You Are Vijay Seshadri

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An Interview with Vijay Seshradi

Vijay Seshadri is well aware of the many masks he wears. He has several ways to talk about them and he likes to talk about them. He’s good at it. Poet, nonfiction writer, professor, husband, father, son, Indian, immigrant, hitchhiker, and Elizabeth Bennett are some of the identities Seshadri has made room for in his consciousness. On April 14, he added Pulitzer Prize winner to that list—winning for his latest book of poetry, 3 Sections.

It was announced two weeks after he and I spoke, and a friend asked me if I’d heard. “You talked to him right before his life changed forever,” she said in a daydreamer’s tone. Inside, I resisted her assertion because I had a sense that no matter how decorated a writer he becomes, he will not exaggerate or downplay any effect an award has on his life. In fact, he told me that the prize put him in touch with people he hadn’t spoken to in forty years and that Indian news outlets had asked him to comment on the elections there (he told them he reveres the Indian Constitution)—both grounded, sensible responses to what surprises came as a result of the Pulitzer.

But I had mistaken what my friend meant when she said his life had changed forever. “I can’t believe he just got an iPhone…” she said, shaking her head.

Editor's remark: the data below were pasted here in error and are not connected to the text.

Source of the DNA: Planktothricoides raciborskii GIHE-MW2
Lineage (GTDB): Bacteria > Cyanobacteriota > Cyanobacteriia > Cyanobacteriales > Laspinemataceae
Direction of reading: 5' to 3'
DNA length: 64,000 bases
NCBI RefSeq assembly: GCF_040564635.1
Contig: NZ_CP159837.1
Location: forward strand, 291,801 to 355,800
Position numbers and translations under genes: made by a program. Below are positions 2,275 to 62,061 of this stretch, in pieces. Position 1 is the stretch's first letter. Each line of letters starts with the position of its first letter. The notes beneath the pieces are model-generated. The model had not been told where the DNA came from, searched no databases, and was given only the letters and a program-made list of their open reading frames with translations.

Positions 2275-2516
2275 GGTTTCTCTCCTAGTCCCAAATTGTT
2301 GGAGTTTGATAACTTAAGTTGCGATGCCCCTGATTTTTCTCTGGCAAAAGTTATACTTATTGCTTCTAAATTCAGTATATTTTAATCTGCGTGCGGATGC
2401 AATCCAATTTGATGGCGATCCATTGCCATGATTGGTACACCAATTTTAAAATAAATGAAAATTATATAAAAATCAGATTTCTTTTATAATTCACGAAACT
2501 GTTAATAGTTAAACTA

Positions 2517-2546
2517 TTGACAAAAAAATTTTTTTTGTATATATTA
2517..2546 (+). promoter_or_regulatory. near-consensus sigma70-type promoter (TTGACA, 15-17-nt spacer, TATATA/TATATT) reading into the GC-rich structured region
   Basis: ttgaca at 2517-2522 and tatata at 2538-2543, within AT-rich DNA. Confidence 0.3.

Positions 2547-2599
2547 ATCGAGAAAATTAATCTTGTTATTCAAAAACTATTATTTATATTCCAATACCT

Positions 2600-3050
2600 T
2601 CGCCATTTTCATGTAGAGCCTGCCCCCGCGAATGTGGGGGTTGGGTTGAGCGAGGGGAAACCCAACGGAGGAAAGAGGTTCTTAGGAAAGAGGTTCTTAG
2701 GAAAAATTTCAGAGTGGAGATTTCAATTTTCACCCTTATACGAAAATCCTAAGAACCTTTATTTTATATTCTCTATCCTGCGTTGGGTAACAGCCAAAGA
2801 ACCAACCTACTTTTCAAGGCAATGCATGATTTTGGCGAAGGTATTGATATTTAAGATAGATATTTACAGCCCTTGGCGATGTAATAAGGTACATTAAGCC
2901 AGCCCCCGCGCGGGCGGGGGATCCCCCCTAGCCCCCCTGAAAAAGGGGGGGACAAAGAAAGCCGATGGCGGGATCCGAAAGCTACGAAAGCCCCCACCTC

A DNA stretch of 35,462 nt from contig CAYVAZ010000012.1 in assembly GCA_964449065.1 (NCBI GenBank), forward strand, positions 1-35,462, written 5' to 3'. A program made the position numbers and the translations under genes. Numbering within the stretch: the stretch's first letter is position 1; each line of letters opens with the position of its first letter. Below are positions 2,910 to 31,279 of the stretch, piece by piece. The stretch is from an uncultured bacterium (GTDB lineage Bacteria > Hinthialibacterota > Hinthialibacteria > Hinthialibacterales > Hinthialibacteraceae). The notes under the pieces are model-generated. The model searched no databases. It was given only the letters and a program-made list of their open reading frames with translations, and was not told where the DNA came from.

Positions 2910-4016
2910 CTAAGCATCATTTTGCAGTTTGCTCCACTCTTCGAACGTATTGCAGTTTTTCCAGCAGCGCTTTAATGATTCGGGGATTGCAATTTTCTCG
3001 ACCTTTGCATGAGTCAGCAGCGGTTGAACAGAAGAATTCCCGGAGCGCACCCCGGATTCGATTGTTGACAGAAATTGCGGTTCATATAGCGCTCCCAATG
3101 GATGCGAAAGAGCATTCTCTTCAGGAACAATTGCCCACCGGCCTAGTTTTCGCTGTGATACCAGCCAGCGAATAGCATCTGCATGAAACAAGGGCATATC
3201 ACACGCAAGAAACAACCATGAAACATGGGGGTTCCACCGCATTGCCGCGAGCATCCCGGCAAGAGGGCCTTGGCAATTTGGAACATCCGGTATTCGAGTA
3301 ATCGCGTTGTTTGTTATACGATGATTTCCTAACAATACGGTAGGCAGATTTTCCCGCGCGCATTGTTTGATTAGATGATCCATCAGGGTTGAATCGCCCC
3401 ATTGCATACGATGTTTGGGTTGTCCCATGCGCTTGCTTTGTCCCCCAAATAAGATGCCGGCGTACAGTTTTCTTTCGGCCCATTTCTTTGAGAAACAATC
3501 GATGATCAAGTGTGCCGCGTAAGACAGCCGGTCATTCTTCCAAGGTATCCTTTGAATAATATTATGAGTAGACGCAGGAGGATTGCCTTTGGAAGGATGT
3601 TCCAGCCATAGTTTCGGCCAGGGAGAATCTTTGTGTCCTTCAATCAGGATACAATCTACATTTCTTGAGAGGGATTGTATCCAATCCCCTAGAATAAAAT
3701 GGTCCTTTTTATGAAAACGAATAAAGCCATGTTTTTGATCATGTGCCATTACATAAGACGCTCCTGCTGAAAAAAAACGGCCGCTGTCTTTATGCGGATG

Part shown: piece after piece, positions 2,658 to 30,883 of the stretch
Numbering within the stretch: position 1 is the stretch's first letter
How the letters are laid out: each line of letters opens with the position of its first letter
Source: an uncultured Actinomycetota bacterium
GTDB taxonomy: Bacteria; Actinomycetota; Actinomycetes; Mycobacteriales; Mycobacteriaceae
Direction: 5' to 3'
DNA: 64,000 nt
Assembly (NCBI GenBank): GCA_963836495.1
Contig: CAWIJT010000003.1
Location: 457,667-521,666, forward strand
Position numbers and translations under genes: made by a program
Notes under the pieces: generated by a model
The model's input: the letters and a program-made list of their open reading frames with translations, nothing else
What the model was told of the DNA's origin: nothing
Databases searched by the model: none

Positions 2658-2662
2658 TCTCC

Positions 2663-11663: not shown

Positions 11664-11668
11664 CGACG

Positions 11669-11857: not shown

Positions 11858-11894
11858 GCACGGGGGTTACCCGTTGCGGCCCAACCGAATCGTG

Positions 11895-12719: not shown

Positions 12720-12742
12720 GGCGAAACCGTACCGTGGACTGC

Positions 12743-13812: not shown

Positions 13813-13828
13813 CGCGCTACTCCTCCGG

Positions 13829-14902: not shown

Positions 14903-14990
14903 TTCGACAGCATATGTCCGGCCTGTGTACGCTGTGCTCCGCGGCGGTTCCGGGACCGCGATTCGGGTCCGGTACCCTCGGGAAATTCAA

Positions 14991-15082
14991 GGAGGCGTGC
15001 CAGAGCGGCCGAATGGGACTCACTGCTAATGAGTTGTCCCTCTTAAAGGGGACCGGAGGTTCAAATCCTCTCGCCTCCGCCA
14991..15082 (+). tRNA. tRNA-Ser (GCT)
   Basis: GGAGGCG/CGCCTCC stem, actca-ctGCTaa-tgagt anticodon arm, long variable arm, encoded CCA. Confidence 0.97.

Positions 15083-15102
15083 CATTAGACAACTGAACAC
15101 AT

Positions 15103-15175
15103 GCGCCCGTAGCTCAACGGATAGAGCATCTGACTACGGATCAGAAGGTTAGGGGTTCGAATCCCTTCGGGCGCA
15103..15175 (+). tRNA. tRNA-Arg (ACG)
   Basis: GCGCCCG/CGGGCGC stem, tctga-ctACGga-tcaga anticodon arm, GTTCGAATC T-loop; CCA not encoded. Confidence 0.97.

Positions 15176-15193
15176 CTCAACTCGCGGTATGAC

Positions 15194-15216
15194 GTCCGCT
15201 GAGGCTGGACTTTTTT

The day before I interviewed Seshadri in his Carroll Gardens home, he FaceTimed me by mistake. No one has ever pocket-FaceTimed me, so I voice-called the number back, and Seshadri, in a tone that signaled a sense of humor without self-degradation, said he was in a hotel room messing around with his new Apple product and had called me by mistake after clicking on my email address. He said the contraption was not just his first smart phone, it was his first mobile device. Ever. He’d never even had an MP3 player.

When we met the next day, I showed him how to voice text—which he promptly did in a message to his wife in the next room, who opened the door to tell him it had gone through. Then, he made me tea, which he transferred from his kettle to a porcelain pot, and insisted I try the biscotti he’d purchased for the occasion. It seemed exactly right that this man, who I’m sure is a quantifiable genius, knew that we’d need provisions for the rabbit hole I wanted him to take me down. By the end of our nearly two-hour conversation, I had everything I came for: a deep understanding of the cross-genre “I,” an ability to apply the word trans to many things, and something I hadn’t expected—permission to be unkind.

—Laura Standley 

I. WRIGGLING ON THE PSYCHOLOGICAL PIN

THE BELIEVER: You teach nonfiction at Sarah Lawrence and you write poetry and nonfiction. Do you identify more as a writer or as a teacher?  

VIJAY SESHADRI: I see myself only sporadically as a teacher and consistently as a writer. Teaching is how I pay the bills…and fortunately, for my students, I can intellectualize about writing, and I can talk about it well, and I like to talk about it. And I’m genuinely interested in explaining things to them. But I resist thinking of myself as a teacher. I still think of myself as a writer who has pulled a fast one and hoodwinked this institution into giving me a job and health insurance.

BLVR: Have you ever taught about how poetry and nonfiction intersect?